you have a reasonable doubt that the defendant was present
at the time and place the alleged offense was committed,
you shall find him not guilty.
The circuit court refused the instruction on the ground it
was not required because other instructions were granted on
presumption of innocence, reasonable doubt, and the elements of
The Court of Appeals held that because the circuit
court had granted the other instructions, a “separate
instruction on alibi was neither necessary nor required, and the
trial judge did not abuse his discretion in refusing to give
[Cooper’s] alibi jury instruction.”
As a general rule, the matter of granting and denying
instructions does rest in the sound discretion of the trial
See Daniels v. Commonwealth, 275 Va. 460, 466, 657
S.E.2d 84, 87 (2008); Stockton v. Commonwealth, 227 Va. 124,
145, 314 S.E.2d 371, 384 (1984).
“Our ‘sole responsibility in
reviewing [jury instructions] is to see that the law has been
clearly stated and that the instructions cover all issues which
the evidence fairly raises.’ ”
Molina v. Commonwealth, 272 Va.
666, 671, 636 S.E.2d 470, 473 (2006) (quoting Swisher v.
Swisher, 223 Va. 499, 503, 290 S.E.2d 856, 858 (1982)).
deciding whether a particular instruction is appropriate, we
view the facts in the light most favorable to the proponent of
See Commonwealth v. Cary, 271 Va. 87, 91, 623
S.E.2d 906, 907 (2006).
We have visited the appropriateness of alibi instructions
in several previous cases starting with Thompson v.
Commonwealth, 88 Va. 45, 13 S.E. 304 (1891), and find that we
have expressed a variety of views in the law on the subject.
Thompson, involving a charge of robbery, this Court held that it
was not error to instruct a jury that “the burden of proving the
alibi rests upon [the accused]” after the accused had been
granted an instruction telling the jury that the Commonwealth
“must prove everything essential to the establishment of the
charge in the indictment to the exclusion of a reasonable
Id. at 47, 13 S.E. at 305.
In Draper v. Commonwealth, 132 Va. 648, 111 S.E. 471
(1922), a prosecution for conspiracy to commit murder, the
Commonwealth sought and received over defense objection an
instruction including a statement that “where the accused relies
upon or attempts to prove an alibi in his defense, the burden of
proving the alibi rests upon him.”
Id. at 660-61, 111 S.E. at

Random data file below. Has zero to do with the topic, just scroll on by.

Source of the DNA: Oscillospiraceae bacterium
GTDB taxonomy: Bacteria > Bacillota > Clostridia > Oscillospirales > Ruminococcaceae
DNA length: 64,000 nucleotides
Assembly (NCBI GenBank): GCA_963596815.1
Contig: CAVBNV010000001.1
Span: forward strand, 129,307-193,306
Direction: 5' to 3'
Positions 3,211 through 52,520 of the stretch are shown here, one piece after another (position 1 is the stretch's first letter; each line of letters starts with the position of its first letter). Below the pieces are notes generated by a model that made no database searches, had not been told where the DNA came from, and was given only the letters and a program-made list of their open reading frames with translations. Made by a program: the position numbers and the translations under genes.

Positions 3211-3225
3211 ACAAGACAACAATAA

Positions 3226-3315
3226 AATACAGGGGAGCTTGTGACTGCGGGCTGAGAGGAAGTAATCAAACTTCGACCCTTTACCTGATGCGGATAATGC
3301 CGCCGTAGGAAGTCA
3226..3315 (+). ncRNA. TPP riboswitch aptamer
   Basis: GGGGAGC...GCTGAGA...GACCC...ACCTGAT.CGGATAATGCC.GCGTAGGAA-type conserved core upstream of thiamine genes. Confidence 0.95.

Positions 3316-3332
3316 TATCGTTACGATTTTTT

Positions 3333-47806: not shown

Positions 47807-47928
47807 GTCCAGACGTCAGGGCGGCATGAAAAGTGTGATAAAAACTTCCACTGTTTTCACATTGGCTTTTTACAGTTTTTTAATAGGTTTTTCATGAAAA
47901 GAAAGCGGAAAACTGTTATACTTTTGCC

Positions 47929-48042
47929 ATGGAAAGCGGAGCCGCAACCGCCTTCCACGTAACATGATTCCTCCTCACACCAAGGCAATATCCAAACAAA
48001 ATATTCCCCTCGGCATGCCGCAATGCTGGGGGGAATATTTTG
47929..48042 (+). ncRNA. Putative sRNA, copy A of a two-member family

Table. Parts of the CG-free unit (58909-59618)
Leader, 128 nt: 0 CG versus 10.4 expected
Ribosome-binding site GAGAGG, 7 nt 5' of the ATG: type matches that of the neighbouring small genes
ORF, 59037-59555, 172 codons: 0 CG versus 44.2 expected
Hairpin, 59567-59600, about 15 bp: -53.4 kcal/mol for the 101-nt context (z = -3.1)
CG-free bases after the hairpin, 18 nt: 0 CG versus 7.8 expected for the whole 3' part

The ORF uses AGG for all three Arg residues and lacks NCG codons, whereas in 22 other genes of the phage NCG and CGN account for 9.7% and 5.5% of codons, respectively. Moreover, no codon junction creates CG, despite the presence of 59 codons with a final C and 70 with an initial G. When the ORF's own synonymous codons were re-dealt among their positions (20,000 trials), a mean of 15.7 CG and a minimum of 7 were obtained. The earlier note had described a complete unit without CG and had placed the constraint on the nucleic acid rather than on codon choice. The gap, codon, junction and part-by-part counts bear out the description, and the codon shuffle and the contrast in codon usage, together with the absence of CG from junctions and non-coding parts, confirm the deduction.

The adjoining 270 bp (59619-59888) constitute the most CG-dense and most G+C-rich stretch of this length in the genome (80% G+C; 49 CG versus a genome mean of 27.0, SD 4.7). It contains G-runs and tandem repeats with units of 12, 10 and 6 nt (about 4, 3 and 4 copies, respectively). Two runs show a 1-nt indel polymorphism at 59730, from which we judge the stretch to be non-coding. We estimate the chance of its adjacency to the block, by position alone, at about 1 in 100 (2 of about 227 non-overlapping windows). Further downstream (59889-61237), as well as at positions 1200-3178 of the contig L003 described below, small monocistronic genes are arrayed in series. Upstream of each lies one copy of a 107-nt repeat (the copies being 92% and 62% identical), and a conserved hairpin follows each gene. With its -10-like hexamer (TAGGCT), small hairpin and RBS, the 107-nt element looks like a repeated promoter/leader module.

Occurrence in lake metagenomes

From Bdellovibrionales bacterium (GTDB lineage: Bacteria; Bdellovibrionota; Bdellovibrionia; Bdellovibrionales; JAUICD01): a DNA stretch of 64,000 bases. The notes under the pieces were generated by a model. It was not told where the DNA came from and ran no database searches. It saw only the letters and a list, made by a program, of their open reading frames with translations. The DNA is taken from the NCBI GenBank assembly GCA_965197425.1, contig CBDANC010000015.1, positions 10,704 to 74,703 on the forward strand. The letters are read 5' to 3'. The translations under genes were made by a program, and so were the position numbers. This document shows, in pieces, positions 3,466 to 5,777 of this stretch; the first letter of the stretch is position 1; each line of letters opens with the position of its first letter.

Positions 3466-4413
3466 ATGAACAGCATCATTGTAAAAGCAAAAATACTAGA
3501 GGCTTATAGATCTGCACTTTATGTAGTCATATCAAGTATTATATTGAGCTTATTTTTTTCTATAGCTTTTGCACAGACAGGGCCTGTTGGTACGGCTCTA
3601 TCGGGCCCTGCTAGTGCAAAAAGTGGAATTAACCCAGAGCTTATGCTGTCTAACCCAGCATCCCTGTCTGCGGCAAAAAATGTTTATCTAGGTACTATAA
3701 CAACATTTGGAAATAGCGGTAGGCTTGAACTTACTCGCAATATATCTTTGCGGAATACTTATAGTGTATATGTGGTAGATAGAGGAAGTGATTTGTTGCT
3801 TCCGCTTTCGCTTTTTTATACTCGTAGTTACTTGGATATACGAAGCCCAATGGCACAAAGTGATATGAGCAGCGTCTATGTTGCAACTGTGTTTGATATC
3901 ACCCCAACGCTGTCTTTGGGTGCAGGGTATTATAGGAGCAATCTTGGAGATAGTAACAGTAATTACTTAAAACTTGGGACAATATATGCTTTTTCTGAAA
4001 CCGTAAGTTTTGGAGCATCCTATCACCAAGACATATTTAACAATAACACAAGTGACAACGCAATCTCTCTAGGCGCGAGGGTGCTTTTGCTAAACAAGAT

This Court held that while the statement would constitute
reversible error standing alone, it did not prejudice the
defendant because of the language in the remaining portion of
the instruction and in other instructions that were given on
presumption of innocence and reasonable doubt.
S.E. at 476.
Id. at 665, 111
Two paragraphs from an early encyclopedia of law
are quoted approvingly in our opinion and are worthy of note.
The first reads as follows:
In 2 Am. & Eng. Enc. (2nd Ed.), page 53, it is said:
“Alibi is regarded by some courts as an affirmative
defense, but the better doctrine seems to be that it is not
a defense in the accurate meaning of the term, but a mere
fact shown in rebuttal of the State’s evidence; and,
consequently, the evidence introduced to support it should
be left to the jury, uninfluenced by any charge from the
court tending to place it upon a different footing from
other evidence in the case.”
Id. at 661, 111 S.E. at 475.
The second paragraph is from page
56 of the encyclopedia and reads as follows:
“The true doctrine seems to be that where the State
has established a prima facie case and the defendant relies
upon the defense of alibi, the burden is upon him to prove
it, not beyond a reasonable doubt, nor by a preponderance
of the evidence, but by such evidence, and to such a degree
of certainty, as will, when the whole evidence is
considered, create and leave in the mind of the jury a
reasonable doubt as to the guilt of the accused.”
Id. at 663, 111 S.E. at 476.
In Fenner v. Commonwealth, 152 Va. 1014, 148 S.E. 821
(1929), involving a charge of robbery, an instruction was
granted containing the same language that was found
objectionable in Draper, i.e., “where the accused relies upon or
attempts to prove an alibi in his defense, the burden of proving
the alibi rests upon him.”
Id. at 1018, 148 S.E. at 822.
Court criticized the granting of the instruction, stating that